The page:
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Stress (Takotsubo) Cardiomyopathy -- A Novel Pathophysiological Hypothesis to Explain Catecholamine-induced Acute Myocardial Stunning : The Hypothesis


The Hypothesis

Surges in catecholamine levels are an evolutionary response to sudden shock, fright or danger. Proposed mechanisms for catecholamine-mediated stunning in stress cardiomyopathy include epicardial spasm, microvascular dysfunction, hyperdynamic contractility with midventricular or outflow tract obstruction, and direct effects of catecholamines on cardiomyocytes. We hypothesize that stunning is the result of epinephrine- mediated effects on cardiomyocytes.

Stimulus Trafficking

At physiological and elevated concentrations, norepinephrine, released from the sympathetic nerves, acts predominantly via the β1-adrenoceptors (β1ARs) on ventricular cardiomyocytes, exerting positive inotropic and lusitropic responses. These effects are the result of β1AR coupling to the Gs protein family, which increases intracellular cyclic AMP levels through adenyl cyclase. Elevated cyclic AMP concentrations activate protein kinase A (PKA), which phosphorylates several downstream intracellular targets, resulting in an increased contractile response. Epinephrine also binds β1ARs and activates this response, but it has a higher affinity for the β2-adrenoceptor (β2AR). Humans have a higher concentration of β2ARs in the ventricular myocardium than other mammals. The ratio of β1ARs:β2ARs in normal human ventricular myocardium is approximately 4:1.[26] Studies with transgenic mice that overexpress human β2ARs have enabled the pharmacology of the human β2AR in the ventricular cardiomyocyte to be studied.[27] At epinephrine concentrations in the normal physiological range, epinephrine binding to β2ARs activates the Gs protein–adenyl cyclase– PKA pathway, resulting in a positive inotropic response. At higher 'supraphysiological' concentrations, epinephrine stimulates a negative inotropic effect on myocyte contraction.[28] This change in response results from a switch in β2AR coupling, from Gs protein signaling to Gi protein signaling,[29] a process called stimulus trafficking (Figure 2). PKA-mediated phosphorylation of the β2AR, resulting from intense activation of the β1AR–Gs protein and β2AR–Gs protein pathways, is thought to initiate the switch in signal trafficking from β2AR–Gs protein to β2AR–Gi protein coupling.[30,31]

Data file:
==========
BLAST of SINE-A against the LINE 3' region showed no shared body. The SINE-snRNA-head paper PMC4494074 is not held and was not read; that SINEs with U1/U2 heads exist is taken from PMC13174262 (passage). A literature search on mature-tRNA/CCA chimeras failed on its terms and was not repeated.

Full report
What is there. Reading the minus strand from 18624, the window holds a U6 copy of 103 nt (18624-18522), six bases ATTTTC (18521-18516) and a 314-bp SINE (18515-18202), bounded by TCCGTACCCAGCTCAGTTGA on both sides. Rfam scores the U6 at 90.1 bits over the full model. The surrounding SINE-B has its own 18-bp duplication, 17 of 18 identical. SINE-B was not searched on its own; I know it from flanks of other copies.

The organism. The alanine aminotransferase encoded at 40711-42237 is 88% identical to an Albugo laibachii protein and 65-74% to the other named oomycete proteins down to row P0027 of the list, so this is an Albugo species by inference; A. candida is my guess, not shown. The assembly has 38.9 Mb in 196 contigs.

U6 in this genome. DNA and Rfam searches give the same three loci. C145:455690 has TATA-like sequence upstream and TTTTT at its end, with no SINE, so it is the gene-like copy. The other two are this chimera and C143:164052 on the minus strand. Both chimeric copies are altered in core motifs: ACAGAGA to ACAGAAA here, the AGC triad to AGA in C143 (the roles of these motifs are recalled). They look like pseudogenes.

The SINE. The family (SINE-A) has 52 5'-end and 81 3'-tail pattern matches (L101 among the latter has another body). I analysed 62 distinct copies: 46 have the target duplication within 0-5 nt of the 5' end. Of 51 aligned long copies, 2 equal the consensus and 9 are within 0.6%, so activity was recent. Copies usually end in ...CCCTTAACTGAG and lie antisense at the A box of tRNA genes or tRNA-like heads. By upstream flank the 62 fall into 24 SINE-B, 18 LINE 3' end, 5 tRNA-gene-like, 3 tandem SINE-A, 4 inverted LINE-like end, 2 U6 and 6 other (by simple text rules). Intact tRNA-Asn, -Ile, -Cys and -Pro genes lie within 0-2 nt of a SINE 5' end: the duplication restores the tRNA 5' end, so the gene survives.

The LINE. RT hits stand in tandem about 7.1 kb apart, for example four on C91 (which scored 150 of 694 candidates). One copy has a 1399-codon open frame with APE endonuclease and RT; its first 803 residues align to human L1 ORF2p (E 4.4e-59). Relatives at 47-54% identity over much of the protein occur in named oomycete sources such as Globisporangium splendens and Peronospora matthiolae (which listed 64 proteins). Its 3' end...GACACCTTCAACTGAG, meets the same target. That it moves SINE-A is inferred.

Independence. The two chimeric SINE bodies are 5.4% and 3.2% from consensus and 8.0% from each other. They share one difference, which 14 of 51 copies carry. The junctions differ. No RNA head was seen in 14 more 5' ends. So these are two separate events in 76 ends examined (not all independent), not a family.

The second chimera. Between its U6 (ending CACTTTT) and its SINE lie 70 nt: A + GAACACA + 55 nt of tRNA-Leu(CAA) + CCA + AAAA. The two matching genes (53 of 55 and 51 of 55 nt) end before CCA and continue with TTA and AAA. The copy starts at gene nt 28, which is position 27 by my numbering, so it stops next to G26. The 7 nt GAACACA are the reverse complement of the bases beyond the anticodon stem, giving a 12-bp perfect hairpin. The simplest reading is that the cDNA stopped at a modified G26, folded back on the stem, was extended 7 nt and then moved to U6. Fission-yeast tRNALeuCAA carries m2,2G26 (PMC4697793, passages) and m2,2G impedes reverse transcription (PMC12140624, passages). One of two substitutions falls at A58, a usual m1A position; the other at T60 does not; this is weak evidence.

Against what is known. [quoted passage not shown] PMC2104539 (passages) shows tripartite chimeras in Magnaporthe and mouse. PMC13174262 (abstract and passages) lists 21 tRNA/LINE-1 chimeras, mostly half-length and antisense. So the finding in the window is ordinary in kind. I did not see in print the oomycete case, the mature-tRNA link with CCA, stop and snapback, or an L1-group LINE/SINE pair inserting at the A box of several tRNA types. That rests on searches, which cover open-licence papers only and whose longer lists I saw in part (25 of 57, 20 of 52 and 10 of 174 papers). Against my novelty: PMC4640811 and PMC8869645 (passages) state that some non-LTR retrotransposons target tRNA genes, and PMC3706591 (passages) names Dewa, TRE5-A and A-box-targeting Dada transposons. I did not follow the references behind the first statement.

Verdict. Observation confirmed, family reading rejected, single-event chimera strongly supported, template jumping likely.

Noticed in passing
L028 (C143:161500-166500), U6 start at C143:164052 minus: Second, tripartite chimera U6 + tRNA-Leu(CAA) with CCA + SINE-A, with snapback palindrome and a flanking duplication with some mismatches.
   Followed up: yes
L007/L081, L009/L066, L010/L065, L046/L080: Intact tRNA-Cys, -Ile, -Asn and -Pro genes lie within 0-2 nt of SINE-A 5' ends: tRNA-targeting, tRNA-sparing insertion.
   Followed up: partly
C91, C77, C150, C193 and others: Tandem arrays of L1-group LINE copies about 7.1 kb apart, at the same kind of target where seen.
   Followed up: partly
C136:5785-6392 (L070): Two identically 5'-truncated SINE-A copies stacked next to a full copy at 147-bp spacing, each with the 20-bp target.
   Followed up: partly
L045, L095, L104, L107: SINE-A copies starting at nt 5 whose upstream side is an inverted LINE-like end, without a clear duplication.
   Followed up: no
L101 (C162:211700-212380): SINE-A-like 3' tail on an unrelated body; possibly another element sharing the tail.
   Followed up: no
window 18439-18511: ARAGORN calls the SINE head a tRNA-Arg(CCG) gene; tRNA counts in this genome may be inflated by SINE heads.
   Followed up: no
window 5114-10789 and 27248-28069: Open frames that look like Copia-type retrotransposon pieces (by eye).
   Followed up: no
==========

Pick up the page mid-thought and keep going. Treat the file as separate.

Figure 2. (click image to zoom) Inotropic effects of epinephrine and norepinephrine. (A) Effects of epinephrine and norepinephrine on ventricular myocardium from transgenic mice overexpressing the human β2-adrenoceptor (TG4 mice), and the effects of PTX. (B) Simulations of the ventricular effects of epinephrine and PTX treatment. Abbreviation: PTX, pertussis toxin. Permission obtained from the American Society for Pharmacology and Experimental Therapeutics © Heubach JF et al. (2004) Mol Pharmacol 65: 1313–1322.

Although the bell-shaped concentration– response curve for the function of epinephrine on the human β2AR has been demonstrated only in the transgenic mouse model, there is evidence for potential β2AR–Gi protein interactions in human atrial[32] and ventricular[33] muscle. Stimulation of β2AR–Gi protein signaling pathways has been shown to produce a negative inotropic effect on human ventricular myocytes,[34] although the effect was much more pronounced in cells from a failing human heart, in which Gi protein signaling is increased, than in cells from a healthy heart.[35] After the surge in epinephrine levels has cleared from the circulation, β2ARs coupled to Gi proteins either switch back to Gs protein coupling or are internalized and degraded, enabling cardiomyocytes to recover their inotropic function. This sequence of events would explain the reported recovery of ventricular function in individuals with stress cardiomyopathy.